If moderate religion is no longer attractive, what do people choose instead? Extreme religions are growing rapidly. So are census responses like “no religion,” “spiritual but not religious,” “agnostic,” “atheist,” and “none of the above.”
You can’t compromise with consumerism. If you give an inch, it will take a mile. In fact, it will take the whole universe, chew it up, and spit it out.
Fundamentalism refuses to give the first inch. “God created the universe on October 23, 4004 B.C., with vegetarian Tyrannosauruses. They became carnivorous as a result of Adam’s original sin and they all drowned in Noah’s Flood (2348 B.C.). Also, people caught wearing wool/linen blend suits should be put to death (Leviticus 19:19).” Fundamentalism is the insistence that the absurd is true, and that something very bad will happen to you—in this life or later—if you don’t believe and obey.
Fundamentalist religions rightly see themselves as under assault from consumerist forces. Those are a dire threat to every religion’s existence. Fundamentalism wrongly sees depraved barbarism—a total collapse of the moral order—as the only alternative to its rule. Fundamentalism is motivated by fear, and it propagates fear.
Fundamentalist religions cannot defend themselves on the basis of reason and cannot compromise. Their alternative is armored hostility. From fear springs aggression. The best defense is a good offense. Absurd beliefs and abhorrent practices can be maintained only by force and ignorance. Fundamentalism accumulates political power to force religion on the reluctant, and to shut out information about alternatives.
In the confrontation between fundamentalism and consumerism, I predict fundamentalism will lose. The internet and global trade make it increasingly difficult to insulate populations from forbidden knowledge.
Given a choice between Sharia and YouTube, Jesus and premarital sex, Marx and microwave ovens, I think almost everyone will take the consumerist option. That’s just as well. Buddhism’s recognition of emptiness makes fundamentalism difficult. There are versions of Buddhism with fundamentalist tendencies, but if fundamentalism were the future, Buddhism almost certainly wouldn’t survive.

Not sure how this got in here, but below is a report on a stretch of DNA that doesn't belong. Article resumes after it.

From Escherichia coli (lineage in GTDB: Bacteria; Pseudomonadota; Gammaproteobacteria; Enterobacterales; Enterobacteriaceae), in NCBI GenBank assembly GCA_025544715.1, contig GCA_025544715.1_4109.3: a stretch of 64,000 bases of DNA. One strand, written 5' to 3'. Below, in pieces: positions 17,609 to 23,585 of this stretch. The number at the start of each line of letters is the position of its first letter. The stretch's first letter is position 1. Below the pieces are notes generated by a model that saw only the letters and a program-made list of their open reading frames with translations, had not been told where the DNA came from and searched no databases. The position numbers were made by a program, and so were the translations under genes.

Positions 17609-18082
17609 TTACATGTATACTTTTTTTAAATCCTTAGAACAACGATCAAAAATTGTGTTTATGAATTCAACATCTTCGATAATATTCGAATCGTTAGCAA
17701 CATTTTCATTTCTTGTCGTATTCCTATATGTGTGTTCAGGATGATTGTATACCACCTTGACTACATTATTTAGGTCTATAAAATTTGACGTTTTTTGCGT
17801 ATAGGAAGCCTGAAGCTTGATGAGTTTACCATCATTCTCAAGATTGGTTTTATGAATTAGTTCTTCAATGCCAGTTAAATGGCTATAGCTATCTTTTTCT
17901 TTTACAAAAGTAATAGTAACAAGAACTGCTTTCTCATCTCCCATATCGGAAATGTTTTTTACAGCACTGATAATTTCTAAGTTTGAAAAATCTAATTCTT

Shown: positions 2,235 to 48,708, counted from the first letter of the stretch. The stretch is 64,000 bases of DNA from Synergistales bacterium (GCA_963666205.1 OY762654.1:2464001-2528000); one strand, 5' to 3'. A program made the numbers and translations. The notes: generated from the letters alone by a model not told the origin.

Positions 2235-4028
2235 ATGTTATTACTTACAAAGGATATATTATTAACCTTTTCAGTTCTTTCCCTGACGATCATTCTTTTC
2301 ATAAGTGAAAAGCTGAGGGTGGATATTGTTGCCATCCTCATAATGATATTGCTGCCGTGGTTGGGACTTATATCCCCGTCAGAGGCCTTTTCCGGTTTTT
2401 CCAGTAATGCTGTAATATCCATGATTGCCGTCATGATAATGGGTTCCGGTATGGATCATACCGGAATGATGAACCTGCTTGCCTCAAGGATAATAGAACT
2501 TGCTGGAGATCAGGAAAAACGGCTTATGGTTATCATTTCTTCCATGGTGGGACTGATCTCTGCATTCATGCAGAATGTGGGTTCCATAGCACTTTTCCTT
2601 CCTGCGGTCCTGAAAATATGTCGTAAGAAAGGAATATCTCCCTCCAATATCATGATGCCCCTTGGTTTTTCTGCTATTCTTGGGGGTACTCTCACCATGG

Anyway, I for one would vehemently oppose fundamentalist Buddhism.
The New Age strategy
The New Age is a consumerist substitute for religion. It is a hodge-podge, taken from here and there, of superficially attractive, but mainly absurd ideas and practices.
How does the New Age escape consumerist skepticism? It has a third strategy—not compromise and not fundamentalism. The New Age has no fixed beliefs to defend—because it refuses to deal with factual reality altogether. Its view is that we all create our own realities, so whatever you believe is true—for you. You don’t believe in angelic spirit guides? No problem—they are not part of your reality—why not try quantum mysticism? It is very scientific. Crystal healing isn’t working? Try reflexology!
There is a grain of truth in the idea that mind creates reality. (Some Buddhist philosophies have much more sophisticated versions of it.) However, the world actually is round, not flat. This is not negotiable.
Buddhism (according to legend) began with Siddhartha Gotama’s shocked discovery of old age, sickness, and death. These are brute facts. They cannot be wished out of existence by changing your beliefs.
Much of the New Age is devoted to pretending away old age, sickness, and death; or overcoming them by spiritual means. This—pretty obviously—cannot and does not work.
For that reason, the New Age has limited appeal. And, its strategy of non-confrontation with consumerism won’t work for Buddhism.